The recent push by brokers into the LTL arena began in the 2006-2007 period, when a nasty freight recession spawned truck overcapacity. As demand waned and LTL carriers were stuck with too much supply, they became increasingly receptive to the services of brokers to help procure freight. The attraction intensified as the broader economic recession caused shipper demand to plummet further. The adoption of sophisticated and functional information technology made it easier and more efficient for brokers to match loads with capacity, but to do so on the shipper's terms rather than the carrier's.
However, that economic environment is history. In the past four years, LTL carriers have rationalized capacity, repeatedly raised their rates, and have become more selective in the companies from whom they'll accept freight. As the pendulum has swung, so has carrier executives' antipathy toward third parties who they feel do little more than scour load boards looking for the lowest price.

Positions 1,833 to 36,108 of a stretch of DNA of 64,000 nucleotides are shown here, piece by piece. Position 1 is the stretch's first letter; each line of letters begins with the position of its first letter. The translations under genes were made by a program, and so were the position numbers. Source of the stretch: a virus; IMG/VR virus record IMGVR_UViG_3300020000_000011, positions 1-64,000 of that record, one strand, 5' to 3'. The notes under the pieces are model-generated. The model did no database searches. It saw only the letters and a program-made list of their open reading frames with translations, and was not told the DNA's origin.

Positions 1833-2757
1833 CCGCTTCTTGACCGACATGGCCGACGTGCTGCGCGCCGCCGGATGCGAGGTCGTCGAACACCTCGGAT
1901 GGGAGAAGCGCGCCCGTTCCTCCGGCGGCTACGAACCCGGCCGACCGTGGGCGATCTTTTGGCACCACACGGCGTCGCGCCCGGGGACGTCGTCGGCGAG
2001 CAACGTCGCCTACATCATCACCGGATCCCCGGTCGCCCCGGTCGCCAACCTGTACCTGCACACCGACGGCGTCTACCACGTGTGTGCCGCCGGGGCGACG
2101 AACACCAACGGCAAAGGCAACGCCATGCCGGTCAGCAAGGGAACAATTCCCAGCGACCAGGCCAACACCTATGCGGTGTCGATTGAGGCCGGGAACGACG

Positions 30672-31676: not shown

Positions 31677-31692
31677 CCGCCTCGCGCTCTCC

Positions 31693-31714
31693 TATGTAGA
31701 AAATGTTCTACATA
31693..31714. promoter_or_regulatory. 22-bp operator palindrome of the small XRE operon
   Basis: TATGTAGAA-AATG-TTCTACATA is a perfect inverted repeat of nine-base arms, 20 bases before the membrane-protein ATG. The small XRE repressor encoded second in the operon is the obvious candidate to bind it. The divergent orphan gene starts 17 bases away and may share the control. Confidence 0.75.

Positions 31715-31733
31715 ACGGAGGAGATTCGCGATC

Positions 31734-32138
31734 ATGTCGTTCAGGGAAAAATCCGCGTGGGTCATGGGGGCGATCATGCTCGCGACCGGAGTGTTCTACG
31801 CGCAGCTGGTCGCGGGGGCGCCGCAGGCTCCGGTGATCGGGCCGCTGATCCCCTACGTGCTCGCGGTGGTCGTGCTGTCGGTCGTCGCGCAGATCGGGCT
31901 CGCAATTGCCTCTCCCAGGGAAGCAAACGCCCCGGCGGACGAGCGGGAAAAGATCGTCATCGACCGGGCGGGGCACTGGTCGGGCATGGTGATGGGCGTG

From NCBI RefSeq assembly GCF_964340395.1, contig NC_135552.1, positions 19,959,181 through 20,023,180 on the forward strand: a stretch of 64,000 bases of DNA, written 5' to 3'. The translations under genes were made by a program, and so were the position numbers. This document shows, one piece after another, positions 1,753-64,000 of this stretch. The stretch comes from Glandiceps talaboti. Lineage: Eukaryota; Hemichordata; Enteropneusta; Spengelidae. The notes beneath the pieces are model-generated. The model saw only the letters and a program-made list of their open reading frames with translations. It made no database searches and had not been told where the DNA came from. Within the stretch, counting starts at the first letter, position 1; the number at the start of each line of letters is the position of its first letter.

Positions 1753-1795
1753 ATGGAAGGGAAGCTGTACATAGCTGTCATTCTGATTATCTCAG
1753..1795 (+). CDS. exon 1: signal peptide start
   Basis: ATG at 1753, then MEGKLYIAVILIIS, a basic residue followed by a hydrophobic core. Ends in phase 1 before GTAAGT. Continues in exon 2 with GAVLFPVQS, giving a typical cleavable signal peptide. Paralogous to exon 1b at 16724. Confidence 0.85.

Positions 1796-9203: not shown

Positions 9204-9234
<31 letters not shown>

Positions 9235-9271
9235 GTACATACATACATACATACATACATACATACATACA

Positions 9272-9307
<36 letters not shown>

Jeffrey A. Rogers, president of YRC Freight, the long-haul unit of LTL carrier YRC Worldwide Inc., acknowledged that brokers and 3PLs have become increasingly embedded in YRC Freight's traffic mix. That doesn't mean he likes it, though. Rogers warned he will use the hammer of capacity allocation, if necessary, to thwart the efforts of those intermediaries he calls "rate trolls."
"The big [intermediaries] are figuring it out," Rogers said. "They'd better bring value to the relationship or they will be out of capacity."